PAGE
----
"If this is the will of the party, Neves will accept," he said.

5. (SBU) While Rio Deputy Otavio Leite (PSDB), minority leader in
the House of Deputies (Camara), told Poloff he did not believe
Marina would accept any VP offer from Serra, he stated, the PSDB
was counting on her support in a second round. On Neves, Leite
offered a dissenting view from the other Rio interlocutors, saying
Neves' election to the Senate was a foregone conclusion and would
be a much more attractive option than VP, considering Neves'
presidential ambitions, especially if the Senate term carried with
it the Senate presidency, as many believe it will. Leite assessed
that a mixed ticket with allied opposition party DEM would be a
real possibility, naming Senator Jose Agripino from Rio Grande do
Norte as a leading contender. Rio Federal Deputy Rodrigo Maia,
president of the DEM party, also confirmed to Poloff that
Agripino's name was on a shortlist of Serra VP candidates and
discounted Marina's willingness to join a Serra ticket or even
support him in a second round. "She will go back to Lula in the
end," Maia said. "We cannot count on her." (Comment: Maia's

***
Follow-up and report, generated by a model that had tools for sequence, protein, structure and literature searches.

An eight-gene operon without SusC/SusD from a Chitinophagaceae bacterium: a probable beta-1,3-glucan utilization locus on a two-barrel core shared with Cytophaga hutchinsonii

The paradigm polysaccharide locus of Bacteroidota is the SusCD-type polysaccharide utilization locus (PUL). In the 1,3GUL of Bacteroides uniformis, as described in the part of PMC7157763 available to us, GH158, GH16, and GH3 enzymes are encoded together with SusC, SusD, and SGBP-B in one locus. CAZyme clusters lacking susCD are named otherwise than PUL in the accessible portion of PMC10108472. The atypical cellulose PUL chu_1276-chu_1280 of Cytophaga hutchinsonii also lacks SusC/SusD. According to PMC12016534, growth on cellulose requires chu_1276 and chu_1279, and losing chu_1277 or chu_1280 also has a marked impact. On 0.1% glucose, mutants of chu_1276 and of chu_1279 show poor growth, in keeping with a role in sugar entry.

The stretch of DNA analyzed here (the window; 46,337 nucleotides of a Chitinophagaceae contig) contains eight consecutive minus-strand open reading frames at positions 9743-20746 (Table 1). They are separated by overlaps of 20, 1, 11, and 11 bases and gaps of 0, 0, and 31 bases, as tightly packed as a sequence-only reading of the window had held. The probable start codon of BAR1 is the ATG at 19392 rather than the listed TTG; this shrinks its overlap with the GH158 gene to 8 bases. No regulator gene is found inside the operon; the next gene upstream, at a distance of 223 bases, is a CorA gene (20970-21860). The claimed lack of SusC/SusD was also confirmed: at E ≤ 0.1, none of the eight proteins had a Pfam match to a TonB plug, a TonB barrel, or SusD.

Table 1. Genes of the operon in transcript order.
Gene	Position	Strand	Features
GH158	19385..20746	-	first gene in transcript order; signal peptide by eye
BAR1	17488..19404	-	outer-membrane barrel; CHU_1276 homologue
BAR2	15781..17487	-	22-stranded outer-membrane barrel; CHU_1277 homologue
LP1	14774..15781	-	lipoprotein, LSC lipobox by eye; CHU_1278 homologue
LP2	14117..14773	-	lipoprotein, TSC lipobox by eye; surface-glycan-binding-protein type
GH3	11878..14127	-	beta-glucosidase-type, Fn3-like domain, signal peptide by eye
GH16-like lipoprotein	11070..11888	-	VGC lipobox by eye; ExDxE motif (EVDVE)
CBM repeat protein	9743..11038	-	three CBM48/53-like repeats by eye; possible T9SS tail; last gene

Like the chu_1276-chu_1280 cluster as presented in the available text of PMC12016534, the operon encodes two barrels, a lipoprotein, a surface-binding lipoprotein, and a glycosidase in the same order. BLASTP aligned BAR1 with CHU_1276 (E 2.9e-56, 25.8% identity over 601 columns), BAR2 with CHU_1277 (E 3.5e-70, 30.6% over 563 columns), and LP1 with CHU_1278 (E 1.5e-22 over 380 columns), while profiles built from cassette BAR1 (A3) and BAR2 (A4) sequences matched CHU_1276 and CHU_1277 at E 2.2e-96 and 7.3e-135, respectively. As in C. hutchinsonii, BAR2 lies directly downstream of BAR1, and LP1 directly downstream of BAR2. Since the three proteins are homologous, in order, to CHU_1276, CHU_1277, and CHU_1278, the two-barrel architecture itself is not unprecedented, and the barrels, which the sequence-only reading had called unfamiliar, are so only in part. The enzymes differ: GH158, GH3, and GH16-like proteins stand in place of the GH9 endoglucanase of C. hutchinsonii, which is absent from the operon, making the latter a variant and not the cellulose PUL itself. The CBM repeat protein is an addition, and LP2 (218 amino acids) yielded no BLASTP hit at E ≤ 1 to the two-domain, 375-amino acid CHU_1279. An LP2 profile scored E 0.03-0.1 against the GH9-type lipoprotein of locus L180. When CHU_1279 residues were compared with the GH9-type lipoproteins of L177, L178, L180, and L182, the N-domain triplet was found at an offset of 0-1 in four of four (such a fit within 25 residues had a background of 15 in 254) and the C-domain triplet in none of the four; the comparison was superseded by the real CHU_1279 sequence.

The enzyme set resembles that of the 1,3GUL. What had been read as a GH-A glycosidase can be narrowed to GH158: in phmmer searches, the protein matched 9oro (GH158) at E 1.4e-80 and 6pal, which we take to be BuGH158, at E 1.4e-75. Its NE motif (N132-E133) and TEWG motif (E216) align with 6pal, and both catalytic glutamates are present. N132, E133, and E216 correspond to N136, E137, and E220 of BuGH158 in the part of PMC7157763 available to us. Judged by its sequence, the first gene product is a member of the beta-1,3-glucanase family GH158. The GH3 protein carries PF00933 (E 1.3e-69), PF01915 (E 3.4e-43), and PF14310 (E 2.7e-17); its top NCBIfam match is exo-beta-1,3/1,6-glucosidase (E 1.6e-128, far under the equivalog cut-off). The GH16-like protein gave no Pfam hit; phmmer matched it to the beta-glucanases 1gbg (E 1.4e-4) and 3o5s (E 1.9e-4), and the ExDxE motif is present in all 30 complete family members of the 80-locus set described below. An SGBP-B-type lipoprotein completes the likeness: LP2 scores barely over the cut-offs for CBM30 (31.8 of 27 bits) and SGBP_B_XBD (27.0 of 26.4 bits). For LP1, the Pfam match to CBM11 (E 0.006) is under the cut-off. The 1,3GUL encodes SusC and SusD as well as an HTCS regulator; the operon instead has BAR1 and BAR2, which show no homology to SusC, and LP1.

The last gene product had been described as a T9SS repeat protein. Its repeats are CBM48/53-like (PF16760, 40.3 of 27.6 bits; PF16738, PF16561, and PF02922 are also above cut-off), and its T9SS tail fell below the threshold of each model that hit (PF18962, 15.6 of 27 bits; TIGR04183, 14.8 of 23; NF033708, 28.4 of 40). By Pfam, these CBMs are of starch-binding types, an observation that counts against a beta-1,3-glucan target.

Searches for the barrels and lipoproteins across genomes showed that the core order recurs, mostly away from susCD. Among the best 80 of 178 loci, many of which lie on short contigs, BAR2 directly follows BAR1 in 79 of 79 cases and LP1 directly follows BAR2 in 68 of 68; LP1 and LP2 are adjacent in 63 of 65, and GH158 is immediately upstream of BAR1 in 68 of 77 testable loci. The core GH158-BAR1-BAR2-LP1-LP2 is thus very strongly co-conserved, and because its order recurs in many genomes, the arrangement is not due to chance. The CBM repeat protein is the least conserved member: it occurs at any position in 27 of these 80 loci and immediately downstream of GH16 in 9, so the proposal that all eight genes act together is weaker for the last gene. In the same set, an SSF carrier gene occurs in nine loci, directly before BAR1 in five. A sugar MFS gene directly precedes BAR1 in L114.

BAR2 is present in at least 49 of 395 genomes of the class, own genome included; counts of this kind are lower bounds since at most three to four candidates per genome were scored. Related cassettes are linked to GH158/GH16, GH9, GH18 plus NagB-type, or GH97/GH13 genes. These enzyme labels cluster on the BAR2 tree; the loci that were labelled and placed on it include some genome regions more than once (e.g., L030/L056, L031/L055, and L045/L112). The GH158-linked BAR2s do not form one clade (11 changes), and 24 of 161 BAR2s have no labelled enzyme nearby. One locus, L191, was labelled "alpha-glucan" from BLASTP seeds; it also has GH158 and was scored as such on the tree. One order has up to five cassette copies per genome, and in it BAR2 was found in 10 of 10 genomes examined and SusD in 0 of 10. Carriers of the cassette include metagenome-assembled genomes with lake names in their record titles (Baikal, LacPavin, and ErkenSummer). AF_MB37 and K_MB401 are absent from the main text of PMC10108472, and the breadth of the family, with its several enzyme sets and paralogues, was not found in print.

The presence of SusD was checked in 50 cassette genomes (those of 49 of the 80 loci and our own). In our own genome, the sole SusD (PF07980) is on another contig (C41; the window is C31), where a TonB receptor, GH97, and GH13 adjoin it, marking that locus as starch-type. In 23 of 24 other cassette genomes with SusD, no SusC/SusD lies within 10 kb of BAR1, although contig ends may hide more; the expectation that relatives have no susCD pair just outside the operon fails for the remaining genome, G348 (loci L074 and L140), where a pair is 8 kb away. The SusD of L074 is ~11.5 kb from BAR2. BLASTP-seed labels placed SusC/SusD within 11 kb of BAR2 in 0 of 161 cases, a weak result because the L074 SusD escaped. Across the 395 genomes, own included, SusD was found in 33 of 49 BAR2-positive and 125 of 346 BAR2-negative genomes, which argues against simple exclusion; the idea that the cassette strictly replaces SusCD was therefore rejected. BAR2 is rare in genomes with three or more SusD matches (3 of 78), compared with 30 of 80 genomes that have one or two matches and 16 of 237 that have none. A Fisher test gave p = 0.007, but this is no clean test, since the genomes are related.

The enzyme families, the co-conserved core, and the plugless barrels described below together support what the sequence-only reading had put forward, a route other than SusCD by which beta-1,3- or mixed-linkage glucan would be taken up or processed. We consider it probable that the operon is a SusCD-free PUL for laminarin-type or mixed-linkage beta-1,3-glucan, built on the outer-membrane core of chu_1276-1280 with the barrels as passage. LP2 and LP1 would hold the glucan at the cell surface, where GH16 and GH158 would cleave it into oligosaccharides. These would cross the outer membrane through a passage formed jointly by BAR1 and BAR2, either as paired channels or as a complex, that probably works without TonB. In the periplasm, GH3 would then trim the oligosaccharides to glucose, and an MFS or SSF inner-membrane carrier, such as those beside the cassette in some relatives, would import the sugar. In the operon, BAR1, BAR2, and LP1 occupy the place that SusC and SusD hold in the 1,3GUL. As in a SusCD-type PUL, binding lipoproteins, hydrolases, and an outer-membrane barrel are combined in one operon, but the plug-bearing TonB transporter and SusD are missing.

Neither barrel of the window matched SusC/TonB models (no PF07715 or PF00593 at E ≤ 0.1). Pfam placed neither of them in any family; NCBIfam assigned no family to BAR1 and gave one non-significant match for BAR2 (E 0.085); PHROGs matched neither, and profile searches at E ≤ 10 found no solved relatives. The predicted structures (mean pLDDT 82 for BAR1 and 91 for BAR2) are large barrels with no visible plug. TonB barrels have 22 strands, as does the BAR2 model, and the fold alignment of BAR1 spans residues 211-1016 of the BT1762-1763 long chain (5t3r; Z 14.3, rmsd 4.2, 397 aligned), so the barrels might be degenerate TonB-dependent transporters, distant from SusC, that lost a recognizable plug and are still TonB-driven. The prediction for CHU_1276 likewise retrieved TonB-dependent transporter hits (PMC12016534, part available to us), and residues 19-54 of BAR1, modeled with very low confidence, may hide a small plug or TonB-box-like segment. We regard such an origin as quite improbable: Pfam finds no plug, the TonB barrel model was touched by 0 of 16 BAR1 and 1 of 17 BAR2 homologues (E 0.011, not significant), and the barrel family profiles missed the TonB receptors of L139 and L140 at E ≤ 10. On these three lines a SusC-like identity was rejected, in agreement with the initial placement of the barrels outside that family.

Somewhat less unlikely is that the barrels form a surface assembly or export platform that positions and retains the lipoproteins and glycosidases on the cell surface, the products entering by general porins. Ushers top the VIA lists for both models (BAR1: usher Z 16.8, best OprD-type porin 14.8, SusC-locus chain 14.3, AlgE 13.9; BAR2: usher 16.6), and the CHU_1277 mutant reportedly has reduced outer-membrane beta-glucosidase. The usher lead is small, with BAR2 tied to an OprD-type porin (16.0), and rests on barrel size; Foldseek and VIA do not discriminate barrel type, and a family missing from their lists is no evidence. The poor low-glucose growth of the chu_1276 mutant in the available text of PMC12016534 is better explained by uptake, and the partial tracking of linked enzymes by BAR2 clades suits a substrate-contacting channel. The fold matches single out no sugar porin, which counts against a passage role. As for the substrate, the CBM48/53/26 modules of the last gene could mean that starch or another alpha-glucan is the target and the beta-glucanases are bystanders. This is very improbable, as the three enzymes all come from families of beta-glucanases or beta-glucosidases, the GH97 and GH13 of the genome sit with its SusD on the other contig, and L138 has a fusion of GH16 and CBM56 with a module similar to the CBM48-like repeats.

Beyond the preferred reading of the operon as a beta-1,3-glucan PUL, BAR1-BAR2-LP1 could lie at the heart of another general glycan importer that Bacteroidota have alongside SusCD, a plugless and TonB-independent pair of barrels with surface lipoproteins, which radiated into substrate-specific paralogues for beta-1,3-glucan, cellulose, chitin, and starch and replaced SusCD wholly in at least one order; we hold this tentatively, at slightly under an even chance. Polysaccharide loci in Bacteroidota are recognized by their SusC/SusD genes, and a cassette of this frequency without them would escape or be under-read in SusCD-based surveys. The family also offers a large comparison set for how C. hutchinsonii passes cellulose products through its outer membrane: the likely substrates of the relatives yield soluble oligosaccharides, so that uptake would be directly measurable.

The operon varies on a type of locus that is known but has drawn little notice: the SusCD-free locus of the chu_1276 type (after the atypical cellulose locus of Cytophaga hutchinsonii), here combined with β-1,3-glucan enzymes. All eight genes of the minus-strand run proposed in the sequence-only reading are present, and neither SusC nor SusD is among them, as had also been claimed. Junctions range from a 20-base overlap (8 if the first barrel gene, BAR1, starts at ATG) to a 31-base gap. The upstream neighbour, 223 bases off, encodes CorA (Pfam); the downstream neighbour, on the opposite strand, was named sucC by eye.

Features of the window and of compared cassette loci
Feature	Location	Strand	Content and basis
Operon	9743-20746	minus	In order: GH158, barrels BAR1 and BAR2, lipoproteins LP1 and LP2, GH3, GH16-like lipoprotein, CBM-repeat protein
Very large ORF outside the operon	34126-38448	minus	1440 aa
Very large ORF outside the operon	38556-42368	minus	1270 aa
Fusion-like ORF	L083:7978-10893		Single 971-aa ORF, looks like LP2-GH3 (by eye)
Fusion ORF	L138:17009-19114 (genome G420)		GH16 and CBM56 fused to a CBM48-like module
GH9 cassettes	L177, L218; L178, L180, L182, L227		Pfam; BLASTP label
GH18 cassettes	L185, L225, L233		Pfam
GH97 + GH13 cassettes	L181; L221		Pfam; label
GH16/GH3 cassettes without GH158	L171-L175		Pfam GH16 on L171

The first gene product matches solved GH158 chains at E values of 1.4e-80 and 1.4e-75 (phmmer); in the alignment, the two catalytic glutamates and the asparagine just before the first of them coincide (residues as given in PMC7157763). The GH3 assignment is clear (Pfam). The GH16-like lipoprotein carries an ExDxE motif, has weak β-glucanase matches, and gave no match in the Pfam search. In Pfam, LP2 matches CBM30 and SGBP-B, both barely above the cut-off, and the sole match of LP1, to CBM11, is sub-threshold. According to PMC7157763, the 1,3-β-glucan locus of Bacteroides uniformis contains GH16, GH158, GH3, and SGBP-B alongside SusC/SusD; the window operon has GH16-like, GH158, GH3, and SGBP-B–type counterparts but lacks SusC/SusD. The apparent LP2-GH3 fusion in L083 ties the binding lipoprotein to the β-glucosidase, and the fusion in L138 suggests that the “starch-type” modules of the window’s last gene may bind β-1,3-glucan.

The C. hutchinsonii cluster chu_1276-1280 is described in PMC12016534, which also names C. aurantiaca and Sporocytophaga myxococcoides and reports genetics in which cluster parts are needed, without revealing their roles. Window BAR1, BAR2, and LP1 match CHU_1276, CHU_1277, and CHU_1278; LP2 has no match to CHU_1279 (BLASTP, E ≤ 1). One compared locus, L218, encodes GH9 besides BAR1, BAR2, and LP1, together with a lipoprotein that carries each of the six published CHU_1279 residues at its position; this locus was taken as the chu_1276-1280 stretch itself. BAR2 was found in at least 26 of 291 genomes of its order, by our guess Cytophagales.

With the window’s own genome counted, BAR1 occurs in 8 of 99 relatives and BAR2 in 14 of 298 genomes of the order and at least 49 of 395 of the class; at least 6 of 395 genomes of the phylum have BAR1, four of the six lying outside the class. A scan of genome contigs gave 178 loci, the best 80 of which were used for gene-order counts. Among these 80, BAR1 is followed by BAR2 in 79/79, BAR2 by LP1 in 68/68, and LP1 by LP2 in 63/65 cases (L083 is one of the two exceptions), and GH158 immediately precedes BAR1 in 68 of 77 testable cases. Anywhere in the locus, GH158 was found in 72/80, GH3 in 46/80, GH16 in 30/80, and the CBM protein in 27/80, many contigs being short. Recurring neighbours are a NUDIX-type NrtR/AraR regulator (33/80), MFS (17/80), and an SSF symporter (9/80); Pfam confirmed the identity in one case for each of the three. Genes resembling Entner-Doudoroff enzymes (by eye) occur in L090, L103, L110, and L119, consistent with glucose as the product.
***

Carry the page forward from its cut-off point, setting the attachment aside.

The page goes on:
opinion of Marina Silva reflects a significant difference between
long-time allies PSDB and DEM. PSDB members are by and large
comfortable with Marina while DEM, which has an agrarian base, sees
her as philosophically incompatible and a potential threat to their
economic interests. End Comment).


6. (SBU) Sao Paulo Federal Deputy (PSDB) and City Secretary for
Sports Walter Feldman told Sao Paulo Econoff that a unified PSDB
presidential ticket with Neves would strengthen Serra's chances in
the October elections. Describing Serra and Neves as Brazil's two
best governors, Feldman expressed confidence that their combined
record of administrative achievement in elected office would
resonate with voters underwhelmed by Dilma Rousseff's performance
at Minister in President Lula's cabinet. In subsequent discussions
with PSDB Sao Paulo State PSDB President and Federal Deputy Antonio
Carlos Mendes Thame and Sao Paulo Municipal Secretary of Government
and local PSDB insider Clovis Carvalho, both told Econoff that
Neves was choice of the party leaders for the VP slot and they were